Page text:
In late November last year Sara Phillips, ABC's environment editor, posted an opinion piece about climate negotiations at Cancun to her taxpayer-funded blog. I left a comment suggesting she might be better off covering a recent paper published in the Journal of Climate co-authored by Steve McIntyre. This work refuted an earlier study published in Nature in the summer of 2009 and widely covered by the ABC which claimed there was unusual warming in west Antarctica due to man-made global warming. McIntyre and co-authors O'Donnell, Lewis and Condon proved the statistical methodology of the Nature study was flawed and the results erroneous. I directed Phillips to a post on the subject by McIntyre, at his Climate Audit website.
The following anonymous comment was posted to Phillips's blog shortly afterwards:
Annie : 03 Dec 2010 7:07:53pm
The denialist clowns return again . . . climateaudit.org . . . run by Stephen McIntyre a known climate denialist and extremist right-wing provocateur . . . you are a joke as are your answers . . . laughing hysterically.
On seeing the comment I alerted Phillips, suggesting the comment should be removed as it contravened ABC posting rules, namely, 4.4.1 defamatory, or otherwise unlawful or that it violates laws regarding harassment, discrimination, racial vilification, privacy or contempt; 4.4.2 intentionally false or misleading; 4.4.4 abusive, offensive or obscene; 4.4.5 inappropriate, off topic, repetitive or vexatious; 4.4.9 deliberate provocation of other community members.
After a day or so it was clear my request had been ignored, so I submitted a formal complaint to the ABC. This was turned down by the ABC's audience and consumer affairs. The reply I received on December 16 included the following rationale from Phillips: The moderator has explained this decision as follows: "Mr McIntyre is described by Annie as being an 'extremist right wing provocateur'. Mr McIntyre's views are seen by some as extreme. Annie clearly believes they are. He could reasonably be described as 'right wing' as a speaking member of the George C Marshall Institute, which is known for its right-leaning politically conservative views. 'Provocateur' is a name given to describe those whose thinking goes against that of the status quo, another label that could reasonably be given to Mr McIntyre. As such, the comments from Annie are not unfounded and therefore not defamatory."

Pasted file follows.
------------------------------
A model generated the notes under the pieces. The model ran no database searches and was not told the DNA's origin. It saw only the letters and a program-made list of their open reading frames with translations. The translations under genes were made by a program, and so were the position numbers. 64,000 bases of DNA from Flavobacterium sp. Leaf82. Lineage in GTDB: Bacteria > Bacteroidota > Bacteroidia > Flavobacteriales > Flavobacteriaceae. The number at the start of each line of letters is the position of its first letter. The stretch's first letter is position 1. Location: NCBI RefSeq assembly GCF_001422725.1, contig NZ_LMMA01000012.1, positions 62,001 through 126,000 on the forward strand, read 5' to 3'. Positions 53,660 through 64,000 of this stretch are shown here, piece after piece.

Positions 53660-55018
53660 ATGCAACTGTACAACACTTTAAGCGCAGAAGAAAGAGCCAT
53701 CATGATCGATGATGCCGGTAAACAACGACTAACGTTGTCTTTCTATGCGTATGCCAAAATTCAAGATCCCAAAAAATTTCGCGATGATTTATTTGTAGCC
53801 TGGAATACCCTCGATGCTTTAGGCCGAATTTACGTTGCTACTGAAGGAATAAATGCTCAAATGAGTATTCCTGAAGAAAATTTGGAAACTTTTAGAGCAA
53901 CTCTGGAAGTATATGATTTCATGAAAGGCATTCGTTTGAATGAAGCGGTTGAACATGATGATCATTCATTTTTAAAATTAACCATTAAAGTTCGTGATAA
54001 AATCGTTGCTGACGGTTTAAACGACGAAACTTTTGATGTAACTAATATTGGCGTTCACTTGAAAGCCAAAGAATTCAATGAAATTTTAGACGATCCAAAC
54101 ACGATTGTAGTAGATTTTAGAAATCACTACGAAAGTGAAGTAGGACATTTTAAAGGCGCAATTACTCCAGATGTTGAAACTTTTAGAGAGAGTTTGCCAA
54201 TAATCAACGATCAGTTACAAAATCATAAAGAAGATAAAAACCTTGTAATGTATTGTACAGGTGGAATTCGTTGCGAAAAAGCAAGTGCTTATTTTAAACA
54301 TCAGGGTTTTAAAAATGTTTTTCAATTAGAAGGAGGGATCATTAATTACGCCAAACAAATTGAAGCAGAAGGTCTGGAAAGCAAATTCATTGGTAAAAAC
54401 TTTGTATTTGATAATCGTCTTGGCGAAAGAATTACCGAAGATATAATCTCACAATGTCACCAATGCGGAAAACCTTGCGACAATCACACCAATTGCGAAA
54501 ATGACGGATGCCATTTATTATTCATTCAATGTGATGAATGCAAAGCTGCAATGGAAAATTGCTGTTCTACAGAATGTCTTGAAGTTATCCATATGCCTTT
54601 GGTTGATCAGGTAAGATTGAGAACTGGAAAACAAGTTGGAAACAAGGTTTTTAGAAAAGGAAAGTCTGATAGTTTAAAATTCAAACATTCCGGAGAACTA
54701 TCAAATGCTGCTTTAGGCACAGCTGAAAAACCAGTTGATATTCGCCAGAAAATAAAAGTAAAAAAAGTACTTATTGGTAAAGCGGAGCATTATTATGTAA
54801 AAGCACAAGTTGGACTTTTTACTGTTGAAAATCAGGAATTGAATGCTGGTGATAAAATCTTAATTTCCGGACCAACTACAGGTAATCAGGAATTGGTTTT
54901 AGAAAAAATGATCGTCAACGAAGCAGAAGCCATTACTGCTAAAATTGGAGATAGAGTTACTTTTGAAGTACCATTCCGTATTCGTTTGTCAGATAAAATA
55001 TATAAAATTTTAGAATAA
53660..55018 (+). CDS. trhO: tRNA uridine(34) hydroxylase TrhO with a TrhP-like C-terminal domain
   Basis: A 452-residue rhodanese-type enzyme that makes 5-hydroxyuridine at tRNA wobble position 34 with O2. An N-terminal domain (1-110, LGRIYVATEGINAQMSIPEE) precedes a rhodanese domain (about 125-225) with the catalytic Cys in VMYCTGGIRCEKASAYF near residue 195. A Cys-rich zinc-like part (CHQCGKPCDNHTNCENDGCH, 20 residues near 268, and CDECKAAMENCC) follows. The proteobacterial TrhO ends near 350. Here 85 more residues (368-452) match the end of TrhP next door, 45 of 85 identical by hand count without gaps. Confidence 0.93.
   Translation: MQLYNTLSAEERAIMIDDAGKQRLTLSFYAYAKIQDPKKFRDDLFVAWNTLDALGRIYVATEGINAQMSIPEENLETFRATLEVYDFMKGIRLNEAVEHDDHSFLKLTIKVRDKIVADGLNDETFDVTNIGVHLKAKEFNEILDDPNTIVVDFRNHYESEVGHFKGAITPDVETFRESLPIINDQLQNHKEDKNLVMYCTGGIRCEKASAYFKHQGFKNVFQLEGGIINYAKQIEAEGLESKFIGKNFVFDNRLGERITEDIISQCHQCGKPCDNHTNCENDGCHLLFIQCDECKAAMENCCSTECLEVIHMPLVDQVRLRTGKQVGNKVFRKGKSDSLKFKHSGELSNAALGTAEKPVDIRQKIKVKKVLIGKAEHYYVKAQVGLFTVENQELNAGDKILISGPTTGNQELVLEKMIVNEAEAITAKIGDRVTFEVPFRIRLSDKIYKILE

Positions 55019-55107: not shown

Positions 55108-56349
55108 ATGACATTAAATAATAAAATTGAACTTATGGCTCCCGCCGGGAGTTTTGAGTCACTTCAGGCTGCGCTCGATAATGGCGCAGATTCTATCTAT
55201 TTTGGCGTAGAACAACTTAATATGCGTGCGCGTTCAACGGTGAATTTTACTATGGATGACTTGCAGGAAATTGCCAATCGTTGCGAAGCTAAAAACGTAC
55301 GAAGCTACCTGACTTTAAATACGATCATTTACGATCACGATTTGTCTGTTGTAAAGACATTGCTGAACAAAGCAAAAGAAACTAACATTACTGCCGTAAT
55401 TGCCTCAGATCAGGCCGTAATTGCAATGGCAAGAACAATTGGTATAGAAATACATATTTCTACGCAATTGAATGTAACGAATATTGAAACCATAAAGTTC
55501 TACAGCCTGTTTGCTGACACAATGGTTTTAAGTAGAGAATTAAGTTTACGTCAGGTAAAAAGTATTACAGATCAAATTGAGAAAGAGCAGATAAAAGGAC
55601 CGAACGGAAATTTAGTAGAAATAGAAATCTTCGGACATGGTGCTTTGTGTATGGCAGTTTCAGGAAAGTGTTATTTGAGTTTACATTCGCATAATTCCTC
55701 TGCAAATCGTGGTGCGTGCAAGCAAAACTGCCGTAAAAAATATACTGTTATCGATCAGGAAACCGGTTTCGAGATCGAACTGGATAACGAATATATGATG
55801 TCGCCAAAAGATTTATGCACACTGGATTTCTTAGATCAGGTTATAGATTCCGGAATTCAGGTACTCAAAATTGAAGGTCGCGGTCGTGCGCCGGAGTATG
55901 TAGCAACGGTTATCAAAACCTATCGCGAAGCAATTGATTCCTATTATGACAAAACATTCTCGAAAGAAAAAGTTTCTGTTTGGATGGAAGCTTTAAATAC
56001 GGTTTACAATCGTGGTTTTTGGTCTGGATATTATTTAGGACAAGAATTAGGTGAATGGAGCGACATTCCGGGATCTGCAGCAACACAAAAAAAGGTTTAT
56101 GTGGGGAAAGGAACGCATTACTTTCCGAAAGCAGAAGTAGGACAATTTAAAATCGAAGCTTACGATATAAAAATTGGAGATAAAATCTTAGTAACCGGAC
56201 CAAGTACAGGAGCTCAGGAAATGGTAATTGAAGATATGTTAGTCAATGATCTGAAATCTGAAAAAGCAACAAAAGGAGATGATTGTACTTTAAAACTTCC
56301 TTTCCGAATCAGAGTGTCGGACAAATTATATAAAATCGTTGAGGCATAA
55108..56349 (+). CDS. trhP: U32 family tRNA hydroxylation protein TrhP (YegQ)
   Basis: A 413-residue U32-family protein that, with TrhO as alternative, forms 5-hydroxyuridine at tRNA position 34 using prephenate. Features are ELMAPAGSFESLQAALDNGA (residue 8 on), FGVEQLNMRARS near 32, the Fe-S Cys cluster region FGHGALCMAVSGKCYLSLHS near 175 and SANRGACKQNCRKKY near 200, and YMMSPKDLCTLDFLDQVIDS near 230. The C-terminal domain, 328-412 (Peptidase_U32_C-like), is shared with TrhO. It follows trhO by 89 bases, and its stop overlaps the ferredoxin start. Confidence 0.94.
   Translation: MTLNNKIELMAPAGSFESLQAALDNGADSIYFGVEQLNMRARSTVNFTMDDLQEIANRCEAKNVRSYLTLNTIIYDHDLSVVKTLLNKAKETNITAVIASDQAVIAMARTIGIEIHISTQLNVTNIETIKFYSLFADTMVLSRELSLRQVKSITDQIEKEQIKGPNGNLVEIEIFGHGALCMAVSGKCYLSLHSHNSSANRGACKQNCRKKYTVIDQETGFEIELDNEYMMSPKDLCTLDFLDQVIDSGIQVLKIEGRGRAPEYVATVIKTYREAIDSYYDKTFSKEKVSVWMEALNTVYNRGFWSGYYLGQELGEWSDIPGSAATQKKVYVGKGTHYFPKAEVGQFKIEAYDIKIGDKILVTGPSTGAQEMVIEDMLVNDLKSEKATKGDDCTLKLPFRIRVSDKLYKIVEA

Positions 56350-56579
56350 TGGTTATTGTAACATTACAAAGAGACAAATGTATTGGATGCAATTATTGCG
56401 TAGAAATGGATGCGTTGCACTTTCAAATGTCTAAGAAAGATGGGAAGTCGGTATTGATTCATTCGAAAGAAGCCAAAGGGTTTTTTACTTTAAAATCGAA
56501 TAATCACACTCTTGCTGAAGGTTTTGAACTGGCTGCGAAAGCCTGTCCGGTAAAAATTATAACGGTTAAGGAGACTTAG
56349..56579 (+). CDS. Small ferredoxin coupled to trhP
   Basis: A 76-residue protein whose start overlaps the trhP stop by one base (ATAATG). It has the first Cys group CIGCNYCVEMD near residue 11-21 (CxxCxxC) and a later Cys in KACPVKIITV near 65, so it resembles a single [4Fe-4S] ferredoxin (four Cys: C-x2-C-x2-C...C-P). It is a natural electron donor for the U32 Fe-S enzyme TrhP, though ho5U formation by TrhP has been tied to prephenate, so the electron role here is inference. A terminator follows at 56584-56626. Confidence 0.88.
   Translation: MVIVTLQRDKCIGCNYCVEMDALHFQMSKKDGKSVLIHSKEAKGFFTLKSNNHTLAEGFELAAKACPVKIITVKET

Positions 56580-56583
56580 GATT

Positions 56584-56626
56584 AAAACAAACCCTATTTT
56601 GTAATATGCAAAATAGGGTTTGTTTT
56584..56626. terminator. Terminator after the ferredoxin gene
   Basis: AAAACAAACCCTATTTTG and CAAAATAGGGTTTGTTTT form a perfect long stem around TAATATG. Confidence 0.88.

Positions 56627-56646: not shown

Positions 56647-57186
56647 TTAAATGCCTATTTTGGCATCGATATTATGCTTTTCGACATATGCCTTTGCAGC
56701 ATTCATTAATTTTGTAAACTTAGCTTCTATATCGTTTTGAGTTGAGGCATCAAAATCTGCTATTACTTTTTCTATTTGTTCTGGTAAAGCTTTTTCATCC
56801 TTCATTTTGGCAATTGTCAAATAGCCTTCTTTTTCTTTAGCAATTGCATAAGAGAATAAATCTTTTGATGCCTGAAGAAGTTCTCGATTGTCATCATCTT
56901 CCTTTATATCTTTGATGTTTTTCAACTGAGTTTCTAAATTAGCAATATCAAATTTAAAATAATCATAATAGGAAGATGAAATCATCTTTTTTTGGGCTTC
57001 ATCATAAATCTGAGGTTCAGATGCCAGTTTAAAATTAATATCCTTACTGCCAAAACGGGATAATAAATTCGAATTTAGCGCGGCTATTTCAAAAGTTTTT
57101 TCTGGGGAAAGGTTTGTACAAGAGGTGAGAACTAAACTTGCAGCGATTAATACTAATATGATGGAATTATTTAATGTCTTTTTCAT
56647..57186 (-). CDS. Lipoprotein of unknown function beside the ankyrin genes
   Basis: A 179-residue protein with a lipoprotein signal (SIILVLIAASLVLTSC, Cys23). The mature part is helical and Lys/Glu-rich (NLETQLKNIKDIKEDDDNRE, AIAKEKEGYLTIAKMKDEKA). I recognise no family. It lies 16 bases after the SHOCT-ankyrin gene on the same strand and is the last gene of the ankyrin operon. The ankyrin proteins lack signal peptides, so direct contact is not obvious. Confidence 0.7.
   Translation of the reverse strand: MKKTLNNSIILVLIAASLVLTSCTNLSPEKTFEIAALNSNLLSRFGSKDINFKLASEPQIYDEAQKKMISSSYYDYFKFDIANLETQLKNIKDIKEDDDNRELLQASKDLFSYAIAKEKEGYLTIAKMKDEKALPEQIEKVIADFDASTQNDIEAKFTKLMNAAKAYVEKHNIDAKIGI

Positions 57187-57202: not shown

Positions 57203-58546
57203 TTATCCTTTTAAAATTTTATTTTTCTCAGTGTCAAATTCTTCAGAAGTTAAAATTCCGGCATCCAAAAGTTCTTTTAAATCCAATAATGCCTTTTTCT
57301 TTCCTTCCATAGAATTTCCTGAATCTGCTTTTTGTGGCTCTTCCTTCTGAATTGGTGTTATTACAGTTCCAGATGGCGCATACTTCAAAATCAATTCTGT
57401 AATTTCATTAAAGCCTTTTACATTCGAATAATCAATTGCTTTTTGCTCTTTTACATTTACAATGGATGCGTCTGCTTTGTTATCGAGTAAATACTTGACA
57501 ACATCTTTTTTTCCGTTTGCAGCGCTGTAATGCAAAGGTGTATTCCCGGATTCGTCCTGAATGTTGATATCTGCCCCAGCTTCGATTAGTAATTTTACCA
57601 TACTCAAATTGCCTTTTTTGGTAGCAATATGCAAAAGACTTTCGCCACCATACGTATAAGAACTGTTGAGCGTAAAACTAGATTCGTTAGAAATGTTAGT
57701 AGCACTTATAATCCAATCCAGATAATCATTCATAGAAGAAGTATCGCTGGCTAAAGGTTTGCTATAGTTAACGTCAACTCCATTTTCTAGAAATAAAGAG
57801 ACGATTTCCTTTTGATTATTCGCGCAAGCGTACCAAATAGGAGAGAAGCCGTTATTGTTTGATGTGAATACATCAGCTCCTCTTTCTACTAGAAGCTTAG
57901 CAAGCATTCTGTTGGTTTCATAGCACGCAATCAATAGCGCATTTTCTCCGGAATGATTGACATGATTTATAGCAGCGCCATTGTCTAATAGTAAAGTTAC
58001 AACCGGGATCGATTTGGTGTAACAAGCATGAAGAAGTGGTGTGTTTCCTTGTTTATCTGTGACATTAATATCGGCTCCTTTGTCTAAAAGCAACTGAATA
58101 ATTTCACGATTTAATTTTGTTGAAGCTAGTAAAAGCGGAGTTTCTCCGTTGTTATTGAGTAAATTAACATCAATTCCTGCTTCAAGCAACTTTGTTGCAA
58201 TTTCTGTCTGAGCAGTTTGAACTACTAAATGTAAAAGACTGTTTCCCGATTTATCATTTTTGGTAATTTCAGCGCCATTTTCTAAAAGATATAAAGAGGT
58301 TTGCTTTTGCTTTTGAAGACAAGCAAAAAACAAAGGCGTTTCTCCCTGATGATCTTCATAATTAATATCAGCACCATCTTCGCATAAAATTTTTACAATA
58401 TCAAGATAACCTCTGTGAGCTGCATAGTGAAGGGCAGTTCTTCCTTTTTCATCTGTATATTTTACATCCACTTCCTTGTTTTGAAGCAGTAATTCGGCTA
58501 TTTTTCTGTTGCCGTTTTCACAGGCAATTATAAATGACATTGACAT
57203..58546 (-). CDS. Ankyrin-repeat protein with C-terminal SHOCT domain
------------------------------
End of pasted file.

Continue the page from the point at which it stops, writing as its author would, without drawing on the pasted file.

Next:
I thought McIntyre might be interested in our national broadcaster's view of him so I passed on ABC's official response. These views perhaps account for the lack of coverage of McIntyre's ground-breaking work on climate change by the ABC.
McIntyre responded to the ABC, in an email sent on December 17:
I am not a "member of the George Marshall Institute". This allegation on your part is untrue. I once spoke at a briefing session sponsored by George Marshall Institute, but that does not make me a "member" or imply any endorsement on my part of their views. I would have been delighted to make the same presentation at a session sponsored by the Pew Centre.
Nor is there any basis for characterising my political views as "extremist right wing". I have seldom expressed political opinions, though I once said that, in American terms, I would have been a Bill Clinton supporter. My only recent political contributions have been to a left-wing municipal politician in Toronto, Pam McConnell. I challenge you to provide any evidence that I hold "extremist right wing" political views. The comments by Annie are totally unfounded and defamatory. Yours truly, Stephen McIntyre
On December 23 ABC advised that the offensive comments had been removed.
The level of bias and base ignorance inherent in the views of a senior ABC journalist, in supporting the defamatory comments, are truly astonishing.
The affair leaves one questioning the credibility and objectivity of ABC's environmental reporting, along with the independence and efficacy of ABC's system of self-regulation.
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